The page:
Looking down from her own exercise bike, Senior Liv Mitchell encourages her participants, reminding them of their strength.
A group exercise instructor at Elon University since her freshman year, Mitchell is passionate about the community she creates in a workout class. The most normal of days feel special, she said, knowing that her students take the time to come work out.
The motivation goes both ways — on a day when she was feeling down, her students were her inspiration.
“Everyone was definitely uplifting my spirits and made it a lot easier for me to teach,” Mitchell said. “It was just such a party and we had such a good time. So many girls came up to me at the end and they were like, ‘That was so much fun.’ It just completely changed my day.”
The group exercise classes — also known as Group X — are Campus Recreation and Wellness programs and change every semester according to their popularity and students’ instructor preferences, according to Elon senior Emma Scott Singletary, a yoga and pilates instructor.
While Group X instructors direct a workout class, they understand the fine line between fostering a safe environment and pushing participants to reach their full potential.
Singletary said she often studies YouTube and IGTV workouts to diversify her routines each week.
“I would describe planning a workout class like a bell curve,” Singletary said. “You start slow, work your way up to the peak, and then your peak is your hardest challenge.”
Even though she comes to class with a routine prepared, Singletary said she will reassess her plan if the participants have a request for what they want to focus on that day.
Some classes are easier than others to lead on the fly.
“With practice comes more consistency, and so my yoga classes, like a normal yoga flow class, I just pull that out of thin air,” Singletary said. “That’s because I’m so comfortable teaching.”
Mitchell has learned an instructor’s attitude is just as important to creating an engaging class as the ability to teach on the fly.
“You can teach how to teach a class, or you can teach technique, but it’s way harder to teach that kind of charisma and spunk,” Mitchell said.
The key to keeping her class upbeat, Mitchell said, is her music choices. The majority of her weekly planning is researching new music and making playlists.
As a more rhythmic teacher, Mitchell believes it’s important that the beat of the song is sustainable so her participants aren’t at risk of falling behind. If Mitchell herself falls behind, she feels it’s much better to unite the class over a small mistake than try to cover it up.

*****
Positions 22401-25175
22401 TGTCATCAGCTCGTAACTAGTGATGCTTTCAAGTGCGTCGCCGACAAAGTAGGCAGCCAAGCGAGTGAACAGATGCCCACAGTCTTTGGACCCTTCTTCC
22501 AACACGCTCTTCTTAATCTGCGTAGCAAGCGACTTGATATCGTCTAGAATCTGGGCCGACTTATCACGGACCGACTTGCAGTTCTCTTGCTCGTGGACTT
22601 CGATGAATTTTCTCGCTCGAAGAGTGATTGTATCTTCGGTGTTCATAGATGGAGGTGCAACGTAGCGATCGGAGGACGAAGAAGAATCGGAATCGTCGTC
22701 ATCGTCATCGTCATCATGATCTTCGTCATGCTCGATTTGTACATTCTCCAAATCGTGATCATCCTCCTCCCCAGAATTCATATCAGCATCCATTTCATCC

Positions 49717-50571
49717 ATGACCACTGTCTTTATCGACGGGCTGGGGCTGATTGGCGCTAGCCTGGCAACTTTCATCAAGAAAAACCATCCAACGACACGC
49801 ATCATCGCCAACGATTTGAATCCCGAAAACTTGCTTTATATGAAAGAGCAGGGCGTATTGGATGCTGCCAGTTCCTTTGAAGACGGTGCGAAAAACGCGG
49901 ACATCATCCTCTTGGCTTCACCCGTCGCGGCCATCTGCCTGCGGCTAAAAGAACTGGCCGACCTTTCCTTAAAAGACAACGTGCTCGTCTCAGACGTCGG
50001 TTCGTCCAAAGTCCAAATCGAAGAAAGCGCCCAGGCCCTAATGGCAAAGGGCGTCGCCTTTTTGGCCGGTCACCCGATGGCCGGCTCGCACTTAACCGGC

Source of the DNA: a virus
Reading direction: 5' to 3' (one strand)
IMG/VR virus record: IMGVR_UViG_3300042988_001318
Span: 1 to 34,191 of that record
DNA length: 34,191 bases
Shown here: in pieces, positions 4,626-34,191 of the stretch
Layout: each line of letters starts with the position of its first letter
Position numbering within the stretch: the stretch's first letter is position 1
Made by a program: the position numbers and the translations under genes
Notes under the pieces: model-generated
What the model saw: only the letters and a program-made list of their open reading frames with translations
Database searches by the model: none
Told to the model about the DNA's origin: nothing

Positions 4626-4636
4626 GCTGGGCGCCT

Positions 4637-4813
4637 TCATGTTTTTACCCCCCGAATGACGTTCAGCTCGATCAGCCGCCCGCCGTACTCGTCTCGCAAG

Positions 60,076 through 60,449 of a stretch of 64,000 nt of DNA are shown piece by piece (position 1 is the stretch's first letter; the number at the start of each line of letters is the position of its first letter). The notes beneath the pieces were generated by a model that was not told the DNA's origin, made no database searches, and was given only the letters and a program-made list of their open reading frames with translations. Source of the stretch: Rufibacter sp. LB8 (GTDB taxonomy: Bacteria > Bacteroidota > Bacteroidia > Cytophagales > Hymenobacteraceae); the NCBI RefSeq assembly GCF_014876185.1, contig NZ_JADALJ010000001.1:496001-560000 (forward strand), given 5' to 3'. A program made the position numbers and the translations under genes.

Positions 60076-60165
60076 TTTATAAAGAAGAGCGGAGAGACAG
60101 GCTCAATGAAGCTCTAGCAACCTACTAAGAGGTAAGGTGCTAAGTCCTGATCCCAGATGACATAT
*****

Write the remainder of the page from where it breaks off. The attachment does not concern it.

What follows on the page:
“I really like to show humility when I have made a mistake,” Mitchell said. “Just because I know, as a participant, you know, watching an instructor make a mistake, it’s like, ‘Oh, it’s OK if I mess up too.’”
The instructors’ efforts have not gone unnoticed. Last semester, Singletary gained a following, teaching a full class with a waitlist every Wednesday. Singletary said she was able to create lasting relationships with many of her frequent participants.
“Those students will come up to me after and be like, ‘What are you teaching next semester?’ or, ‘I loved your playlist, could you text it to me?’” Singletary said.
For senior Alex Pirsos, the social element of a Group X class is almost as important to her as the physical element of the workout. With her social life limited because of the pandemic, getting to know other regular attendees and becoming familiar with her favorite instructors provides community.
Reaching their goals as a group, she said, is much better than working out alone in her room. Pirsos appreciates how her instructors are engaged and willing to receive feedback.
“I just logged on the other day, and they have some HIIT class, and they have some new strengthening classes,” Pirsos said.”It’s nice to see from their perspective that they’re pushing themselves to try out new things as well.”